2021 Apr 08

    Reading and Conversation with Ocean Vuong

    7:00pm to 8:15pm

    Location: 

    Radcliffe Institute for Advanced Study at Harvard—Online

    Ocean Vuong, author of the New York Times best-selling novel, On Earth We’re Briefly Gorgeous, will be joined in conversation with Ju Yon Kim, Harvard professor of English. The program will begin with an introduction by Tomiko Brown-Nagin, dean of the Harvard Radcliffe Institute, Daniel P.S. Paul Professor of Constitutional Law at Harvard Law School, professor of history in the Harvard Faculty of Arts and Sciences, and chair of the Presidential Committee on Harvard and the Legacy of Slavery. It will conclude with remarks from Durba Mitra RI ’19, assistant professor of...

    Read more about Reading and Conversation with Ocean Vuong
    2021 Apr 07

    Recovering the Histories of Seven Enslaved Americans

    6:00pm to 7:00pm

    Location: 

    Peabody Museum of Archaeology & Ethnology—Online

    For seven seasons, award-winning Harvard professor Henry Louis Gates Jr. has uncovered the ancestral stories of celebrity guests on his hit-television series, Finding Your Roots. In this program, Gates will be joined by Dr. Gregg Hecimovich to discuss the process of unearthing the histories of formerly enslaved people. The focus will be on  Alfred, Delia, Drana, Fassena, Jack, Jim, and Renty, seven Black men and women who were photographed against their will in Columbia, South Carolina in 1850. These controversial photographs are the subject of a new book, To Make Their Own...

    Read more about Recovering the Histories of Seven Enslaved Americans
    2021 Apr 05

    Small Town Urbanism in the 21st Century

    12:00pm to 1:30pm

    Location: 

    Harvard Graduate School of Design—Online

    This program brings together three unique perspectives on the idea of “Small Town Urbanism”: Andrew Freear, Director of Rural Studio at Auburn University; Faranak Miraftab, Professor of Urban and Regional Planning at the University of Illinois, Urbana-Champaign; and Todd Okolichany, Director of Planning and Urban Design for the City of Asheville, North Carolina. 

    Climate change, the pandemic, telecommuting, and accelerating land costs in large cities have fueled a slow but noticeable relocation of people and services to ex-urban locales. The retreat from large cities...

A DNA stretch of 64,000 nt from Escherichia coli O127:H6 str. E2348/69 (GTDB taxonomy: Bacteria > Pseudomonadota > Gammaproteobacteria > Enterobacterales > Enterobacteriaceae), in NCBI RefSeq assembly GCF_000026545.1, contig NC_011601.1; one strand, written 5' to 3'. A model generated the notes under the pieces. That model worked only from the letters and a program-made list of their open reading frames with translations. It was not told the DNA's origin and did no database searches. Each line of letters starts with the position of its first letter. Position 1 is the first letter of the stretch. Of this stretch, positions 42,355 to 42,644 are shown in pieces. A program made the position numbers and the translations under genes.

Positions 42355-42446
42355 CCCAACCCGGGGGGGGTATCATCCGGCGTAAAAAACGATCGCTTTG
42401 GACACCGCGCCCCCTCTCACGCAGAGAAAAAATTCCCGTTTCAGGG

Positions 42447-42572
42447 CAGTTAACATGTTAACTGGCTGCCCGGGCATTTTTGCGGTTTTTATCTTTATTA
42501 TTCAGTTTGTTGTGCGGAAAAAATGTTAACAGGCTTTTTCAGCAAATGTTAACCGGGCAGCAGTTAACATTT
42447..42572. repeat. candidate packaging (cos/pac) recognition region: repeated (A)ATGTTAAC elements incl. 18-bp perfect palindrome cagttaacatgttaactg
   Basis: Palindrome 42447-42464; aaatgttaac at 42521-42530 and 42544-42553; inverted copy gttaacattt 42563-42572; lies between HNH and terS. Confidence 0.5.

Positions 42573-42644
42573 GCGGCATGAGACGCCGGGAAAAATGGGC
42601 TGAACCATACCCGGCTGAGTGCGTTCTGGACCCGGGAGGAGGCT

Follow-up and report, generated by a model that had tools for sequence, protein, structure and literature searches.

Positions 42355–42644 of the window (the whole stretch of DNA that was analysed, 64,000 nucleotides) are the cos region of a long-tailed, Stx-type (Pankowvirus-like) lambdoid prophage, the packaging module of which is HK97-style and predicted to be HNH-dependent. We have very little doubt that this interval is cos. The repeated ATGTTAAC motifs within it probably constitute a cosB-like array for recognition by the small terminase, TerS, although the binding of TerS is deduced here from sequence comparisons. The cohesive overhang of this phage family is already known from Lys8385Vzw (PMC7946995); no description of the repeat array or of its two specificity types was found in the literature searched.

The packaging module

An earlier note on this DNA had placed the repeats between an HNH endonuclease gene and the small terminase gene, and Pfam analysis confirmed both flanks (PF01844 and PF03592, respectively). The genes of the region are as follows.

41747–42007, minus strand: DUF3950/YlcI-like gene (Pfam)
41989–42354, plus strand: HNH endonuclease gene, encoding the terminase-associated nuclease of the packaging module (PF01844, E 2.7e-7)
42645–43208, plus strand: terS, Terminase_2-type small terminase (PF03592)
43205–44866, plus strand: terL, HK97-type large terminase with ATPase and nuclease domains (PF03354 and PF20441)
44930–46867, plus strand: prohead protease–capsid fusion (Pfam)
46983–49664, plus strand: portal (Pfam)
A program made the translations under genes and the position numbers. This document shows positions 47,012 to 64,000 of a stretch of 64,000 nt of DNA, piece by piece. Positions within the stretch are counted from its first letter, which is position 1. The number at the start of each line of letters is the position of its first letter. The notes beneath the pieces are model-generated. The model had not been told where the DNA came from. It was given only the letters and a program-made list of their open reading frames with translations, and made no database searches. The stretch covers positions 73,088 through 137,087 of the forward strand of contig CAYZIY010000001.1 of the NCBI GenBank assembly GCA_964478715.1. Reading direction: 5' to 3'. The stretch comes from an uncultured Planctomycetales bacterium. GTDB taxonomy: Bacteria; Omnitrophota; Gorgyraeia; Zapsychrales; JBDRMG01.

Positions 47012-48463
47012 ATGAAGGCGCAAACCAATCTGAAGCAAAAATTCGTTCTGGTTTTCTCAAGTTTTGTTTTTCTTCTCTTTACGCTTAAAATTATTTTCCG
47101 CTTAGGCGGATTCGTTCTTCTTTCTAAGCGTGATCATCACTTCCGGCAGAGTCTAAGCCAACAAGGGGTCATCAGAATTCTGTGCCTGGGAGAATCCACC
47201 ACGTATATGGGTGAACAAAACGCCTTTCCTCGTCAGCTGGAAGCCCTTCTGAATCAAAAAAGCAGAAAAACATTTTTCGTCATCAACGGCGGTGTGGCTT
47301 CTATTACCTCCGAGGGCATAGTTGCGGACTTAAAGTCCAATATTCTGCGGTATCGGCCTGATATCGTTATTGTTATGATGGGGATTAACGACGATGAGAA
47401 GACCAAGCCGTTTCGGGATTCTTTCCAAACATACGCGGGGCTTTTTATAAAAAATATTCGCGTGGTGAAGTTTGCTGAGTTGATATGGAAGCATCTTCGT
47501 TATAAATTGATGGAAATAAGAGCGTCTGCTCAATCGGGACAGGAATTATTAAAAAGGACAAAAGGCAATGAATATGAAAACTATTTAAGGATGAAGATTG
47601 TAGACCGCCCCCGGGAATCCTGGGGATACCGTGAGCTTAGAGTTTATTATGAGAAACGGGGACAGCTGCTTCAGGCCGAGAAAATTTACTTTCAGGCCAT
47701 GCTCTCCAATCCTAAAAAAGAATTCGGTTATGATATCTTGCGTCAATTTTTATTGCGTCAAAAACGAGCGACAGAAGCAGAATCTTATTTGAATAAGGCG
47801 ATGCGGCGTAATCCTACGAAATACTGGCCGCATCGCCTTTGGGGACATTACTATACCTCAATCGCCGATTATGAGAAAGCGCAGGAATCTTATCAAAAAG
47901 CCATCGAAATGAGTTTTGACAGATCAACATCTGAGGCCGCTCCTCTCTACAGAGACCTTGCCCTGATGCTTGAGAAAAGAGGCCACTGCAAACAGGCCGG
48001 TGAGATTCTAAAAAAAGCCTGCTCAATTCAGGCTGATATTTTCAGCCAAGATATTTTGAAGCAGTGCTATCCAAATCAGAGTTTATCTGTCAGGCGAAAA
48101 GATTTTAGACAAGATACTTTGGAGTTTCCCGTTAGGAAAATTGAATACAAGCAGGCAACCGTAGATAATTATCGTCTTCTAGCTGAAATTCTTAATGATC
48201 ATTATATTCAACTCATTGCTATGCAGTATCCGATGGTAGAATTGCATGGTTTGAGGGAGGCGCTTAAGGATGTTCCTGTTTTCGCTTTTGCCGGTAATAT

Read more about Small Town Urbanism in the 21st Century
    2021 Apr 01

    Race, Representation, and Agassiz’s Brazilian Fantasy

    4:00pm to 5:30pm

    Location: 

    Peabody Museum of Archaeology & Ethnology—Online

    How do we confront the history and legacy of Louis Agassiz’s extensive archive of images of African and Indigenous Brazilians made in Manaus, Brazil in 1865 and housed at Harvard’s Peabody Museum?

    Four distinguished panelists reflect on the historical moment when these pictures were taken, discuss racist displays of Indigenous people in Brazil and elsewhere, and, by bringing to light respect for different epistemologies, explore ways to contend with them today. Panelists will be writer and historian Christoph Irmscher (contributor to the recent Peabody Museum Press book about...

    Read more about Race, Representation, and Agassiz’s Brazilian Fantasy
    2020 Dec 08

    Author Discussion: Black And Buddhist: What Buddhism Can Teach Us about Race, Resilience, Transformation, and Freedom

    5:00pm to 6:30pm

    Location: 

    Online Event

    Buddhism is a way of life, a philosophy, a psychology,  a set of ethics, a religion, or a combination thereof. Central to the many ways Buddhism is understood is the achievement of emotional, mental, and psychological wellness. African Americans are at perpetual risk of psychological imbalance and trauma due to the social realities of racism in the United States. The authors engage the question, What can Buddhism offer African Americans who want to be emotionally resilient in a context they cannot...

    Read more about Author Discussion: Black And Buddhist: What Buddhism Can Teach Us about Race, Resilience, Transformation, and Freedom
    2020 Dec 03

    2020 Visions

    4:00pm to 5:00pm

    Location: 

    Online Event

    Too often, the story of women’s suffrage unfolds in a vacuum, seemingly unconnected from the general contours of American history. This panel discussion looks back from the present, asking experts working in a variety of disciplines and organizations to briefly unfold, TED-talk style, a single “big idea” that captures the significance of the 19th Amendment for voting rights, citizenship, and democracy today.

    This event is free and open to the public, but registration is required.

    ...

    Read more about 2020 Visions
    2020 Oct 29

    Education Justice: Why Prison Classrooms Matter

    4:00pm

    Location: 

    Radcliffe Institute for Advanced Study at Harvard—Online

    “What college does, it helps us learn about the nation,” said Rodney Spivey-Jones, a 2017 Bard College graduate currently incarcerated at Fishkill Correctional Facility in New York, in the docuseries College behind Bars. “It helps us become civic beings. It helps us understand that we have an interest in our community, that our community is a part of us and we are a part of it.”